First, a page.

“Fuck you, Crusher.”

He stops, wide-eyed and hurt.

“I invite you into my home, and this is how you thank me? You want to run back to be alone with your books, fine. Don’t expect to keep your place on the squad next year.”

Finally, a flash of anger. “You’d kick me off Nova Squad because you’re pissed I don’t want to hang out watching you be rude to your parents for three days? That’s kind of pathetic, Nick.”

“Cadet First Class Locarno,” I correct him.

Real anger now. “Screw you,” Wesley snaps, “sir.”

We glare at each other, Wes almost vibrating with righteous indignation, me sprawled on the bed gripping my half-empty bottle of Scotch. Then my lips twitch.

Wesley’s eyes change and he smirks, I can’t stifle a snort, and we’re laughing. His shoulders lose their rigid tension. “You really are an asshole, Nick,” he manages between guffaws.

“Yeah, but you love me anyway.” It just slips out, and I shift on the bed to hide my discomfort. Wes comes and sits on the edge of the bed.

“I’ll stay if you want me to,” he says.

I can’t help smiling. “Only if you’ll have a drink with me.”

Grinning, he takes the bottle and puts it to his lips, and when he splutters slightly at the burn I reach out and pull him down into my arms.



My mom hasn’t spoken to me since the incident. That’s how she refers to it, according to my cousin Tom. Although it’s probably capitalised. The Incident. As if everyone is supposed to gloss over the facts because they’re just too sordid. Like no Locarno ever did anything dishonest.

Maybe no Locarno ever did, or maybe I’m just the first one to ever get caught out.

It’s not only my mother who’d prefer to pretend I don’t exist. Dad, my aunts and uncles, most of my cousins; Tom’s the only one who’ll give me the time of day. As for my former squadmates – Hajar, Sito, Crusher – they’re too busy trying to redeem themselves in the eyes of the Academy to remember my name. Not that I blame them.

It makes me ache. So much sometimes that I don’t stop drinking until it doesn’t ache anymore.

But there’s a danger zone between hurting and numb, and some nights it lasts longer than others. Those are the nights when I’m most likely to do something stupid, like show up at my parents’ house and lean on the door chime until someone, usually the neighbours, calls security. Or send a messy, rambling, blubbering audio message to Josh Albert’s father telling him how sorry I am that I killed his son. Or drunk-dial an old flame and try to sweet-talk them into a few hours of mindless sex. It doesn’t matter who, as long as there’s a faint chance they might not turn me away.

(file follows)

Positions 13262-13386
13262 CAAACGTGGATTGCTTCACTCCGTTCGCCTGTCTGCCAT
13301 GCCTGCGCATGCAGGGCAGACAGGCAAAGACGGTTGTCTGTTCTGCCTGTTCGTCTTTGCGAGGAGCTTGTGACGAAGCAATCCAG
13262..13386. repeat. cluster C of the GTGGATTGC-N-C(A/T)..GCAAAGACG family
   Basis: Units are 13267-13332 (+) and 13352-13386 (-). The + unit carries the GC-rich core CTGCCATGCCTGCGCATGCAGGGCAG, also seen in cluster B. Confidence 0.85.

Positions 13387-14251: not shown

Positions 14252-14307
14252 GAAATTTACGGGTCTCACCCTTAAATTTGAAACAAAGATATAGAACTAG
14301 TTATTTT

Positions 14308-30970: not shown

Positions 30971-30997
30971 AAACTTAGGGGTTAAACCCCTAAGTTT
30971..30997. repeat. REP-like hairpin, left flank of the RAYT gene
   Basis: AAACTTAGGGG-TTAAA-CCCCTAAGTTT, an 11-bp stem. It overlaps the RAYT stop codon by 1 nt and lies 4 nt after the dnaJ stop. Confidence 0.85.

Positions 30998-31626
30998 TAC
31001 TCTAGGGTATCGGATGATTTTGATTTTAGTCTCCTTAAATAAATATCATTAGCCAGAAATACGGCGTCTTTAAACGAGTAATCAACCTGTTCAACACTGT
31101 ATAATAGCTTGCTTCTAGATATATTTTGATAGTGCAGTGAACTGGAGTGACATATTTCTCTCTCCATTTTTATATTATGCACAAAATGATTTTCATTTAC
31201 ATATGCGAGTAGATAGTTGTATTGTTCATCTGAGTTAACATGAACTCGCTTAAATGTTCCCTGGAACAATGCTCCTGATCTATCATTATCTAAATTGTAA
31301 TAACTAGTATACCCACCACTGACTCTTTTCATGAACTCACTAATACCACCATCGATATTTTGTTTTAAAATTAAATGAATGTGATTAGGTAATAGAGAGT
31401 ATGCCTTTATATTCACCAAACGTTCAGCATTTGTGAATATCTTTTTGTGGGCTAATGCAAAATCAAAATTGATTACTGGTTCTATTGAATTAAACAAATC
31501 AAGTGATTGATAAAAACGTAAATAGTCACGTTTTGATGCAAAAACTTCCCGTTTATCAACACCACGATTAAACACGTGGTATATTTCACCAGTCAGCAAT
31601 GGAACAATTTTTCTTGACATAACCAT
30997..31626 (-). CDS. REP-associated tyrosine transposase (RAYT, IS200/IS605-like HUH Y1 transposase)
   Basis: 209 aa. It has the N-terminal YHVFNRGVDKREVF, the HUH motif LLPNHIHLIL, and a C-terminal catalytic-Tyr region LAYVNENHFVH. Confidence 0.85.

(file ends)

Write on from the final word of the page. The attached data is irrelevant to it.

Like tonight.

I must be more soused than I thought, though, because when the com finally connects and I see the furrowed, suspicious face of Wesley Crusher, it gives me a jolt. I’d intended to call Kelly, the girl I took to my high school graduation. Or was it Shelley?

I guess maybe I meant to call Wes all along.

“What do you want, Nick?” he asks warily.

“Come and have a drink with me.”

He sighs. “I can’t leave campus. I have a paper due in a week.”

“You’re on campus?” My tone is derisive. “It’s fucking Christmas, Wesley. Why aren’t you swanning it on the Enterprise?”

“Because I didn’t want to be there,” he answers with exaggerated patience. “Besides, they’re on the far side of the quadrant. It’s a two-month round trip and I can’t afford to miss any classes.”

“You’re a fucking barrel of laughs these days. Come on, one hour. You can get away for that long.”

“I really can’t.”

I’m on the verge of cutting him off in disgust. But then I think about the lonely stretch of hours between now and dawn, about the fact that I’m getting low on credit chips and the guy who runs this bar no longer allows me a tab. “Please,” I ask him, quietly. “Just one drink.”

He hesitates. “All right,” he says on a sigh, leaning in to close the com channel. “One drink.”

I feel relieved and grateful, and stupid for feeling that way. This is the kid who used to practically worship me, and now I’m begging him to spend an hour with me in a low-rent bar … The familiar bitterness rises in my gut, turning the cheap bourbon into bile. Fuck him. He owes me. They all do.

Still, I find myself lurching into the washroom and splashing some water on my face, slicking my hair back and hoping Wes won’t pick up the stench of alcohol leaching from my pores.

I still look good. I wake up clear-eyed no matter how big a bender I’ve emerged from; my skin shows no sign of blotching and the slight softening around my waistline could easily be attributed to reduced physical exercise rather than bloat. Sure, maybe my hands shake sometimes, but not so as anyone would notice.

And I never have a problem getting laid. Wesley Crusher should be so lucky.

By the time I make my way back to the bar, Wes is standing just inside the doorway in one of his trademark ugly sweaters, looking annoyed and uncomfortable. “Hey,” I offer casually, like I didn’t beg him to come ten minutes ago.

“You look like shit, Nick.”

So much for nobody noticing.

“Screw you too, Crusher. You gonna buy me a drink?”

Tight-lipped, he follows me to the bar. I ask for two whiskeys – from the top shelf – and Wes sighs loudly as the bartender holds out a credit scanner.

“So why did you want me to come?” Wesley asks. I’ve already downed half my drink; his sits untouched on the counter.

I shrug. “Maybe I just wanted to see if your dress sense has improved. I see it hasn’t.”



“How are you doing?” he asks, his voice quiet. “I’ve been worried about you, since … you know.”

“Since I took the fall and got kicked out on my ass?”

He looks away. “Yeah.”

“Well, don’t be. I was the squadron leader. It was my mistake to own.”

“I miss Josh,” he says softly, then raises his eyes to me. “And I miss you.”